Porphyritic felsite - Isle of Rum
Collection:
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Fact sheet

Porphyritic felsite - Isle of Rum

This sample of Porphyritic Rhyodacite (known as ‘Porphyritic Felsite’ in early accounts) comes from the Rum Central Igneous Complex of the Paleocene North Atlantic Igneous Province. It formed a caldera-filling ignimbritic flow and was found on the Col between Sgurr nan Gillean and Ainshval, Southern Mountains Zone. The rock was part of Phase 1 of the Rum Central Complex, one of the silicic magmas accompanying ring-faulting and caldera formation.

The thin section contains phenocrysts of zoned plagioclase and quartz (commonly corroded) in a fine-grained, equigranular quartz-feldspathic matrix with irregular crystals of green hornblende and relic pigeonite and augite, and magnetite. 

Additional images
About this collection

The United Kingdom Virtual Microscope (UKVM) collection consists of igneous, sedimentary and metamorphic rocks from around the UK.

It is intended as a teaching resource, helping to tell the story of the common rock types and how they form, and reflecting the history of the UK at the margins of the continent of Europe. The collection is a series of teaching sets, for example igneous rocks from the North Atlantic Igneous Province and SW England; high-temperature metamorphic rocks from Scotland and low-temperature metamorphic rocks from Wales; and sedimentary rocks, including English limestones and sandstones.

Sample details

Type
igneous
Category
felsite
Rock-forming mineral
quartz
alkali feldspar
pyroxene
hornblende
plagioclase
feldspar
Accessory minerals
zircon
magnetite
Category guide  
Category Guide
Title
Refers to any word or phrase that appears in the individual rock names. Names are generally descriptive; they allow users to search for broad terms like ‘granite’ as well as more specific names such as ‘breccia’. However, the adjacent descriptions of the specimens captures a wider range of general words and phrases and is a more powerful search tool.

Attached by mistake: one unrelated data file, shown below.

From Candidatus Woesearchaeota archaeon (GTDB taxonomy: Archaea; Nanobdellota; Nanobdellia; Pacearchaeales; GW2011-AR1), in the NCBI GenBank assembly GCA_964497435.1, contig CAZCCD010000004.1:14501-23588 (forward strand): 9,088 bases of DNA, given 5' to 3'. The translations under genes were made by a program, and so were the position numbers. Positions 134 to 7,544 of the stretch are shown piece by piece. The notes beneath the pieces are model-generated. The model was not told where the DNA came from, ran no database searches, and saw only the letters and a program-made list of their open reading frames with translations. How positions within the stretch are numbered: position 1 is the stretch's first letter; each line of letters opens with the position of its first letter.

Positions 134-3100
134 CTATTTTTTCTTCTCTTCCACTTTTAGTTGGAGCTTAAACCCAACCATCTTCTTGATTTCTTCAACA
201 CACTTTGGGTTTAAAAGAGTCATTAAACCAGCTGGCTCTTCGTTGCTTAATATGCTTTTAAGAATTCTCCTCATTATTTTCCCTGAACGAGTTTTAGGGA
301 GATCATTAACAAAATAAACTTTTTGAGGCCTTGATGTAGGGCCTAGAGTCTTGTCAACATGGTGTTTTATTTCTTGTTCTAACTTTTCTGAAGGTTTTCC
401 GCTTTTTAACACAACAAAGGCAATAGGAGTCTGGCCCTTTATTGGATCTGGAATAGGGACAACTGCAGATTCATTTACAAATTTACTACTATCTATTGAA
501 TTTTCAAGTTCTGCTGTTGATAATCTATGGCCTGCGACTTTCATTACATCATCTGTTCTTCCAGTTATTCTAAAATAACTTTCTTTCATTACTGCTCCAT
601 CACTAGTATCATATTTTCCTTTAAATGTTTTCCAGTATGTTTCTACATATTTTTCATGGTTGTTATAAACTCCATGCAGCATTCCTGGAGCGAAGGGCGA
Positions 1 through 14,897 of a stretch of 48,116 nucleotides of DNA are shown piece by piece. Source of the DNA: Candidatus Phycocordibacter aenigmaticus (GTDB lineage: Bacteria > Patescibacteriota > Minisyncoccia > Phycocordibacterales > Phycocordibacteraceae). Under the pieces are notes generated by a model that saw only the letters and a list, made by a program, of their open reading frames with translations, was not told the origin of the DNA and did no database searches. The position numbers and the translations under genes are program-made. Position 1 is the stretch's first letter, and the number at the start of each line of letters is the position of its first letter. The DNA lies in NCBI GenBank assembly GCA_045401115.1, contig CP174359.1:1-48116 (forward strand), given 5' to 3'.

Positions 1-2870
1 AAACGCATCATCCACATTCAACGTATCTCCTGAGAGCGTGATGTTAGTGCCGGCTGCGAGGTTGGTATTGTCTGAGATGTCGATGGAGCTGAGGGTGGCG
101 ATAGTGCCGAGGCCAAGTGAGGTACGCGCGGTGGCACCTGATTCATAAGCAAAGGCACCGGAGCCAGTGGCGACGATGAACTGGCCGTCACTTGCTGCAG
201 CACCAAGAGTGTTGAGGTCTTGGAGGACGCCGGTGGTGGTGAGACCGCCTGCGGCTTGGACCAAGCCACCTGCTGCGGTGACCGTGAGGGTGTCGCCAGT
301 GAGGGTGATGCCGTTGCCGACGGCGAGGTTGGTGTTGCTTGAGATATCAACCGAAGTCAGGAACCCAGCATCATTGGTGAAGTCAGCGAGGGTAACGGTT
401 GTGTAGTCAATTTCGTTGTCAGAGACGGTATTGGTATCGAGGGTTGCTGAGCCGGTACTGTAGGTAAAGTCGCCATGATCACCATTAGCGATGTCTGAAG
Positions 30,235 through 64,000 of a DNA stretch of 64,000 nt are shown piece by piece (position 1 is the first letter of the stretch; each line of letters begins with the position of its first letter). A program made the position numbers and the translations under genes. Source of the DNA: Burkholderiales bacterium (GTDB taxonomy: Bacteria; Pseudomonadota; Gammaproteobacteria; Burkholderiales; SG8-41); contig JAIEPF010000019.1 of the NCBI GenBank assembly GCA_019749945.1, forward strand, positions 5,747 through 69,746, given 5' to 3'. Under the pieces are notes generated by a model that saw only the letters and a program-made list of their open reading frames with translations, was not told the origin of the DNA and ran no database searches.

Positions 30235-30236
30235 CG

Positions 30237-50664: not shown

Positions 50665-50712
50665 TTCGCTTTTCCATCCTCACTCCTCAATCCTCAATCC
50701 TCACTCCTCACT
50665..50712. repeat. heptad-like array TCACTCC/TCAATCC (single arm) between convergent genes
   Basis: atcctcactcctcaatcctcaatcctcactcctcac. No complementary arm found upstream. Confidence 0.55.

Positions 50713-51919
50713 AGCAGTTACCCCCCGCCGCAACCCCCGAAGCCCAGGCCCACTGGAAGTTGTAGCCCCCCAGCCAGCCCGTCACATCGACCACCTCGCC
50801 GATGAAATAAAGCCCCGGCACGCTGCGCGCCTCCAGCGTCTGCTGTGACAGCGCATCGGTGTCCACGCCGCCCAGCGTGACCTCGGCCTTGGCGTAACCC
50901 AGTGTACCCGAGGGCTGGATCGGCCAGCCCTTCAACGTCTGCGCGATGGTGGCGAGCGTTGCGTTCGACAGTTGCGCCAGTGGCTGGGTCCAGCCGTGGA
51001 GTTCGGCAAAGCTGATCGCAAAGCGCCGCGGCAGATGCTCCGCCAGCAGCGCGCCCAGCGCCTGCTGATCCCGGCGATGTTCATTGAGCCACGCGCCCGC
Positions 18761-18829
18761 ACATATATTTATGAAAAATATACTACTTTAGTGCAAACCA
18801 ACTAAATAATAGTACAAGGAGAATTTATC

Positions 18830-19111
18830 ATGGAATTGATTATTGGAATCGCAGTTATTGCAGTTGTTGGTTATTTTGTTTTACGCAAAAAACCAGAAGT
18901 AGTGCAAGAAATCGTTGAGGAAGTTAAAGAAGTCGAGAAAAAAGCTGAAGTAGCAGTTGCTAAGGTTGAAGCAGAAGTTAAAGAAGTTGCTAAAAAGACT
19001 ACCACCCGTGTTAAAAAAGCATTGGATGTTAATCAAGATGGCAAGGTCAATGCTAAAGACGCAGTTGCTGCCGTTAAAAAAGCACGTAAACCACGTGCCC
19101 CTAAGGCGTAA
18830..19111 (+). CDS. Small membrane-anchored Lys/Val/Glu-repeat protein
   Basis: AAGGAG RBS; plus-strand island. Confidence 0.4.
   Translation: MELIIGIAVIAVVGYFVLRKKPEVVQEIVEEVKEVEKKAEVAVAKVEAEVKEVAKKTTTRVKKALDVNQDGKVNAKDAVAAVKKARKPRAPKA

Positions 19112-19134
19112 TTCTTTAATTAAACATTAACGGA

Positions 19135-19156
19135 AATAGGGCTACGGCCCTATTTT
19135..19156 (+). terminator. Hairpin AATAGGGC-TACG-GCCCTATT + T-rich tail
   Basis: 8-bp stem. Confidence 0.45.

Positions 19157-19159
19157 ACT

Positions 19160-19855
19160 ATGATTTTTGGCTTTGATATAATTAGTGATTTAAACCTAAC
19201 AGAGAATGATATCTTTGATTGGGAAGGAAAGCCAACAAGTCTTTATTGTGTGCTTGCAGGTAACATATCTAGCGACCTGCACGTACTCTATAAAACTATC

Description
Refers to any word or phrase that appears anywhere in the descriptions of the specimens
Accessory minerals
Minerals that occur in very low abundance in a rock. They are usually not visible with the naked eye and contribute perhapssver, they often dominate the rare elements such as platinum group metals.
Rock-forming minerals
Minerals that make up the bulk of all rock samples and are also the ones used in rock classi?cation.
Timescale
Selecting one or more period, for example 'Jurassic'.
Theme
A term used to group together related samples that are not already gathered into a single Collection. For instance, there is a ‘SW England granites’ theme that includes such rock types as granite, hydrothermal breccia, skarn and vein samples.
Category
A general term used to label a rock sample. It is a useful way of grouping similar samples throughout a collection. Category names are often, but not exclusively, common rock names (e.g. granite, basalt, dolerite, gabbro, greisen, skarn, gneiss, amphibolite, limestone, sandstone).
Owner
The owner of the sample that appears in the collection. For example, NASA owns all the samples that appear in the Moon Rocks collection
We would like to thank the following for the use of this sample: